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A compendium of queer people in the 19th and 20th centuries // Drawn and researched by Michele Rosenthal

Sylvia  Rivera

Sylvia Rivera 1951to –2002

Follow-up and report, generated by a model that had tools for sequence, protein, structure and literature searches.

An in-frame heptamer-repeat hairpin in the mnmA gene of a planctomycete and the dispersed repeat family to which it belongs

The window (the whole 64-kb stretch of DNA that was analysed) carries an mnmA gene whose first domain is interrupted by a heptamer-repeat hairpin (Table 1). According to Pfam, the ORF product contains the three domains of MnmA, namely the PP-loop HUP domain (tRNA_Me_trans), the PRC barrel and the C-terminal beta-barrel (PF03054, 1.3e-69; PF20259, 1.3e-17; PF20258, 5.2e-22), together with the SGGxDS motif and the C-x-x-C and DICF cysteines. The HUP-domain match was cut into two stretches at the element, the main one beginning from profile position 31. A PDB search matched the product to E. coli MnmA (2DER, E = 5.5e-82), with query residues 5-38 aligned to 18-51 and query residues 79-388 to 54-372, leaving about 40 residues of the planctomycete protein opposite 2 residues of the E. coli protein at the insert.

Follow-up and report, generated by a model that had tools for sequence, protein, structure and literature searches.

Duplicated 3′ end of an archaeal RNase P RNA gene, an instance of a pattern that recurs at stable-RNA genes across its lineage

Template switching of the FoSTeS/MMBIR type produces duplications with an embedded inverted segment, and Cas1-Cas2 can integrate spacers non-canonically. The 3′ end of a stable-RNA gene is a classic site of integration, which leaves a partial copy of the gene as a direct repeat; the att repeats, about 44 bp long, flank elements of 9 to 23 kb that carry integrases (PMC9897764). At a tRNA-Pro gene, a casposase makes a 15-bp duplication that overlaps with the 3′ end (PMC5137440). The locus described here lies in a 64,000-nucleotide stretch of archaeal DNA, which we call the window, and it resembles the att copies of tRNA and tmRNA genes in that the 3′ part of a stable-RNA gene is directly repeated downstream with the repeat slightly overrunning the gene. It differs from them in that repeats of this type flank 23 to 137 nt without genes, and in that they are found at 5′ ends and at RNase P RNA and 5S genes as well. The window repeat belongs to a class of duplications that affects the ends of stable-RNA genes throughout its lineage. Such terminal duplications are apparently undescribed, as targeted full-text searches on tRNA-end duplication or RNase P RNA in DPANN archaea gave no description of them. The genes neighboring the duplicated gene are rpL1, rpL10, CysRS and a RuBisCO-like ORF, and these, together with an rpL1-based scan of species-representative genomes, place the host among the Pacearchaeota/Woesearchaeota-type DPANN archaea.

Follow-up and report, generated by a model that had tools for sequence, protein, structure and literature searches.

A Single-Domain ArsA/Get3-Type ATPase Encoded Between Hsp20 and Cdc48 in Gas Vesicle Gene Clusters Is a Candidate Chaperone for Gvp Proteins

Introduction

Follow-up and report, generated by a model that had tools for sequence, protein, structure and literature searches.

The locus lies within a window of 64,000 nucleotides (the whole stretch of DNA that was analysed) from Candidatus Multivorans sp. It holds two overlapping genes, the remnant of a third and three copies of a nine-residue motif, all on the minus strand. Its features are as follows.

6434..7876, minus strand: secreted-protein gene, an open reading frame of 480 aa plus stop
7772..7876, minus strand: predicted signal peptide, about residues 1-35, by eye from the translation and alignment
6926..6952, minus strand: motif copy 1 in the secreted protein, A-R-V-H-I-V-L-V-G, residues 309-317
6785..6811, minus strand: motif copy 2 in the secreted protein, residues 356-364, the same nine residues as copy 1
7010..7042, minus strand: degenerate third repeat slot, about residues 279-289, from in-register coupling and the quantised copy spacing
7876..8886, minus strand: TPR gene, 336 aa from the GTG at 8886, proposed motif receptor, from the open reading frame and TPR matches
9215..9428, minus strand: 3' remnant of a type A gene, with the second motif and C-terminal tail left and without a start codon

American Stonewall Riots veteran and fierce lifelong activist. She was born in New York City to Puerto Rican and Venezuelan parents, but was orphaned by the age of three, and living on the streets of New York by the age of eleven. When a crowd gathered outside the Stonewall Inn in 1969, she was there to fight back against police—this moment convinced her that the revolution had begun. She became involved with various gay liberation groups, but was disillusioned as mainstream gay rights distanced themselves from anyone who was gender-variant. With her close friend Marsha P. Johnson, she founded the Street Transvestite Action Revolutionaries, or STAR. Securing a run-down apartment, they took in as many drag queens and transgender youth as they could, then hustled the streets to raise money so that their children wouldn’t have to. Rivera fought not only for the trans community, but for anyone who was underserved: black, latino, imprisoned, or homeless. For the middle part of her life, she moved away from activism and from New York City, although drug abuse eventually forced her back onto the streets. She found a place at a shelter for transgender people that was modeled off of her own work with STAR; it was there she met her partner Julia Murray. In the 90s, she returned to the fight, and became an advocate for trans protection under the New York Sexual Orientation Non Discrimination Act. Only hours before her death, Rivera was meeting with community organizers from her hospital bed to fight for inclusion. (The bill eventually passed without such inclusion; its gender expression counterpart, GENDA, has yet to pass in New York state.)

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